Privilege. Having some aspect of a mainstream societally accepted group. We hear about it all the time, especially in the disability community. In the most simplest of explanations for the context of this post- it means that even though you have a disability you can pass as not having a disability or “like most of society” “typical” or as much as the term makes me gag for personal reasons- “able bodied” Privilege has many types. Passing is just one. You would think that this would be a benefit to people who live with invisible disabilities (ones that are not visibly apparent) Yes, I will say for the most part it is easier for those with invisible disabilities to be accepted into society, I mean we look like our non disabled peers. We don’t appear any different on the outside. “You are lucky you can pass” my more visibly disabled friends tell me al the time. You can get a job easier without disclosure being obviously necessary or unavoidable, you have an easier time with relationships because you don’t have to worry about the disability vs. sexuality dilemma, you don’t have to deal with accessibility that comes with wheelchairs or crutches. I have heard it all from those with disabilities that are mainly physical. I live with physical disabilities but they are mild enough that I don’t require any aids and I have invisible ones as well (health and learning) I want to tell them and everyone while everyone thinks that passing is such a wonderful thing that in fact, it can be quite a curse. How can being like everyone else be such a curse when they accept you?
In short, here are some reasons I strongly affirm to stop using the passing privilege.
1. Your disability may be invisible and you may not want to or need to disclose the disability: the difficulties present from them are still there. Often it leads to people not understanding as readily as if they could get a visual representation of disabled such as crutches, service dogs, wheelchairs, obvious limps or consistently visible medical devices. So, is it really a good thing to have difficulties that you can’t get people to want to accept because they say “its not really that hard, I mean you function so well!”
2. When your invisible disability puts limitations on your independence such as not being able to drive ( I am experiencing this right now) which limits your access to careers and everyone says just go and get a job you can handle it. Yes, I can handle it but I need to disclose disability because of transportation and then find out that I am not quite disabled the “right way” for services.
3. You get scolded by people for not disclosing your disability because you learn to adapt to it so well in society and then when you experience a barrier you need assistance to work around (such as adaptations) most people think you are trying to take the easy way out because it’s not “disabled that badly”
4. Last but not least, because I want to keep this from becoming too much of a rant YOU DON’T FIT ANYWHERE. There are disability communities everywhere and yet when you are invisibly disabled you learn growing up often to “not tell anyone” “it’s how you are and don’ flaunt it” so, having the support that is much easier for those with visible disabilities have is harder for us to come by (in my experiences and many others who I have spoken to) You don’t quite fit in the typical society because you have difficulties that people who aren’t disabled in any way just don’t seem to relate to and then of course the other side where in the disability community you get bashed by activists because “you are so lucky to pass”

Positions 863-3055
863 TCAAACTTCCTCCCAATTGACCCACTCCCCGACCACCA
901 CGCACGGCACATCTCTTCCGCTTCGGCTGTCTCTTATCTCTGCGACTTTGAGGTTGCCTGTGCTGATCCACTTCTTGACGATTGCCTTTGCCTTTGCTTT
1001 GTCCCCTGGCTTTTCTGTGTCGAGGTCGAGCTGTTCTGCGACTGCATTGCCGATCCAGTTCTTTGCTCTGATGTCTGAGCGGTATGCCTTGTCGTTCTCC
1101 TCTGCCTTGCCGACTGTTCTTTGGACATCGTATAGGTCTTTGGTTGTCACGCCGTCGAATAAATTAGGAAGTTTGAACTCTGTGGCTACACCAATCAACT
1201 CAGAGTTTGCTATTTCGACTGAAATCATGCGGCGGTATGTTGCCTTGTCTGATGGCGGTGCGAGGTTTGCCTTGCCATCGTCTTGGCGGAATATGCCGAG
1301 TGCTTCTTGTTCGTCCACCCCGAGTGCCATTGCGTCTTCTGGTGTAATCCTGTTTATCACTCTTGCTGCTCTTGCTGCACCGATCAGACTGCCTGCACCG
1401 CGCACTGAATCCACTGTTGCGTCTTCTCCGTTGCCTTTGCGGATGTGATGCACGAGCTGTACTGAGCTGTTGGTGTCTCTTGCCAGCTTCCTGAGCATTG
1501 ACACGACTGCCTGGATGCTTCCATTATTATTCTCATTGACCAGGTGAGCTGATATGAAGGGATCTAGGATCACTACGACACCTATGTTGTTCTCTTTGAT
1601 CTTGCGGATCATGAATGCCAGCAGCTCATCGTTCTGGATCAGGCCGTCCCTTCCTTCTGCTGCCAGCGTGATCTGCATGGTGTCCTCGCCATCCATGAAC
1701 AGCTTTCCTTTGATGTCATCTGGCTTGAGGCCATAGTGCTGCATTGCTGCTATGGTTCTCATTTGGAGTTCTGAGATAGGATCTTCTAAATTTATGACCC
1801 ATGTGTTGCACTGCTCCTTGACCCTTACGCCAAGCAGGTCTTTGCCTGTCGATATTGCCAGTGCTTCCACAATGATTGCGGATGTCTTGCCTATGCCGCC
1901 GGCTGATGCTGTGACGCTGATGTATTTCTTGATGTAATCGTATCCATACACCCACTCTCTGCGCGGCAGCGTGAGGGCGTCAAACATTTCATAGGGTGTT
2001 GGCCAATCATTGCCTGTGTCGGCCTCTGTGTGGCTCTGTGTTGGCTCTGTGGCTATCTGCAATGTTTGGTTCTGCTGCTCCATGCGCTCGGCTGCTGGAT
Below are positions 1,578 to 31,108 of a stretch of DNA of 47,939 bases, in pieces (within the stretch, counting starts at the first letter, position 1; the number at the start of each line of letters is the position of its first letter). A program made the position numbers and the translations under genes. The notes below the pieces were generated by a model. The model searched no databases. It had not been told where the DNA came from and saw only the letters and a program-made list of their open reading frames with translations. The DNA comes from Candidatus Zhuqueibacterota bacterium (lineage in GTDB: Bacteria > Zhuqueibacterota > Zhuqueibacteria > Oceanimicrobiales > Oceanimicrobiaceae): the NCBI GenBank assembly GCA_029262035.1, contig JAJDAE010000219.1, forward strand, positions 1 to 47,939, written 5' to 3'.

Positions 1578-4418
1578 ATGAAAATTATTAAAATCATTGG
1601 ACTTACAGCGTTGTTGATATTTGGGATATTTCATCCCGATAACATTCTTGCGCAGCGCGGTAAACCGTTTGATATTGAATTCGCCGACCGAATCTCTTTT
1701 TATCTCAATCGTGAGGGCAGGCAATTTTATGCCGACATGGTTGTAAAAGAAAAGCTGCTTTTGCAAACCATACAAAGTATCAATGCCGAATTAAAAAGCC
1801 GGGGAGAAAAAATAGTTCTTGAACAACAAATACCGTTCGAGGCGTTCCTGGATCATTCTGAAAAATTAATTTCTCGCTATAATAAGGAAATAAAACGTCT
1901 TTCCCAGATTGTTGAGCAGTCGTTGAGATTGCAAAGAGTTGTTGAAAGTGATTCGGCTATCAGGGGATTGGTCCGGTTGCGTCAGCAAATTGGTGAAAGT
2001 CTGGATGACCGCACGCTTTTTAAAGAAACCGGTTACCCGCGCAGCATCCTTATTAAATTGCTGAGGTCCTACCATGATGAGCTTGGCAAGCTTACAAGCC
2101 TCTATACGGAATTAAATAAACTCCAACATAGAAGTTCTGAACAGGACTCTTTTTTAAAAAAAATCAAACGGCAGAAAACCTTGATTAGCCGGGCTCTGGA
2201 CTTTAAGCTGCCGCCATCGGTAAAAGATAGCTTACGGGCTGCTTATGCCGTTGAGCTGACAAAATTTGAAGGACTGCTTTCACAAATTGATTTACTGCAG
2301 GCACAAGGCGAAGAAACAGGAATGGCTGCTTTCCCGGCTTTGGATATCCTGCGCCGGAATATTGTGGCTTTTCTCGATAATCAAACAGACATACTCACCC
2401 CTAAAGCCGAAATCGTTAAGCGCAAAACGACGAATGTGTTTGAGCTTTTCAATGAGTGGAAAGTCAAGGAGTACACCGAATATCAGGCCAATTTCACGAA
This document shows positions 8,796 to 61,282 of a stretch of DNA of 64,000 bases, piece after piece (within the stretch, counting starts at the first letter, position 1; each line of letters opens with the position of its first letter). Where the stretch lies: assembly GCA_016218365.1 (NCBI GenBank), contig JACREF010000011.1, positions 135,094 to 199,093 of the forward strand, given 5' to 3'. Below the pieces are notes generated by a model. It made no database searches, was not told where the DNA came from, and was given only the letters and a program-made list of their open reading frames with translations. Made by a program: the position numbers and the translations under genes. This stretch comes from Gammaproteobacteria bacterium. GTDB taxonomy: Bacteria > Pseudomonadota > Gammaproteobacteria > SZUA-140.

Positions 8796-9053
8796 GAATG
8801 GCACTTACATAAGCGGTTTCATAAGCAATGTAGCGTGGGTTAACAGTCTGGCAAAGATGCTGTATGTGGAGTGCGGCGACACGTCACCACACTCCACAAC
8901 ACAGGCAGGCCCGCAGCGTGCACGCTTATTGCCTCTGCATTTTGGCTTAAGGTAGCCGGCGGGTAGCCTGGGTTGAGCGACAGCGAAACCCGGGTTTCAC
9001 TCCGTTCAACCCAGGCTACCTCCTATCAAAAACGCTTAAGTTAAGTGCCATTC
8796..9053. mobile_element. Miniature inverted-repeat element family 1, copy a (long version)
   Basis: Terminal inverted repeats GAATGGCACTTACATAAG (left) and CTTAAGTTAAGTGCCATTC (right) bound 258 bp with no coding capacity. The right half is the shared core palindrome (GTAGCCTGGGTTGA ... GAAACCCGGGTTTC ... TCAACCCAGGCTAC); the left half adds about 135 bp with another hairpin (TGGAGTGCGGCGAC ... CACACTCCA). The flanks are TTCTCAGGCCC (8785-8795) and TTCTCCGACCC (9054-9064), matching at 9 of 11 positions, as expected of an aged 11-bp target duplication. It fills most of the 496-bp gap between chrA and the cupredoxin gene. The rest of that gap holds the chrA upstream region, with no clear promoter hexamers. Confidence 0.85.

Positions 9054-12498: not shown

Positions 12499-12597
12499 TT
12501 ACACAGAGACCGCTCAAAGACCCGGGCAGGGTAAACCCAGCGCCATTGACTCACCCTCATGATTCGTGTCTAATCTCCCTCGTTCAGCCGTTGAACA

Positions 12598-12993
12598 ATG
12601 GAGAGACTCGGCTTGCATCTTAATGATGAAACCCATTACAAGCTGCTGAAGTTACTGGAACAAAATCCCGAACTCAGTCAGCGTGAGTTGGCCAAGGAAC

Passing isn’t always a privilege. Passing is a subjective measure and is situational to each individual. Do not tell someone they are lucky to pass, the may be able to pass, but they are experiencing more internal challenges then those who on the outside do not have the opportunity to “pass” In a whole, I am glad I can pass often, but sometimes it makes situations so much harder to handle but I know I would never use my disability as a crutch (some people do and it makes me mad) but I also know that there are times I need people to know even if they cannot see it that there are difficulties which are not innately my fault or in my control (although there may be those too) Essentially, just because someone has a disability it doesn’t negate personality traits. I may not tell you I live with a disability because it wouldn’t affect what I am doing for you- but if it does and I tell you I want you to know that the difficulty I am experiencing is beyond a “personality difference” but in fact an affect of the disability that I did not choose nor can control. Please do not tell me not to open my mouth because of the social stigma. The stigma exists whether or not we open our mouths.
I disagree. Passing is always a privilege. Having the ability to look ‘normal’ means facing less discrimination. Passing is a lie, by commission or omission, that one is not disabled, gay, trans, a POC, etc. Sometimes, it means safety or work. Members of marginalized groups who can pass have more choices than those who cannot. However, the circumstances that create the need to pass are no privilege. Passing arises from oppression. Having an invisible disability and passing as non-disabled are different. Plenty of people who are not obviously disabled to an observer without knowledge of a specific disability are obviously different. There are unique problems associated with being invisibly disabled. They are a different issue from passing.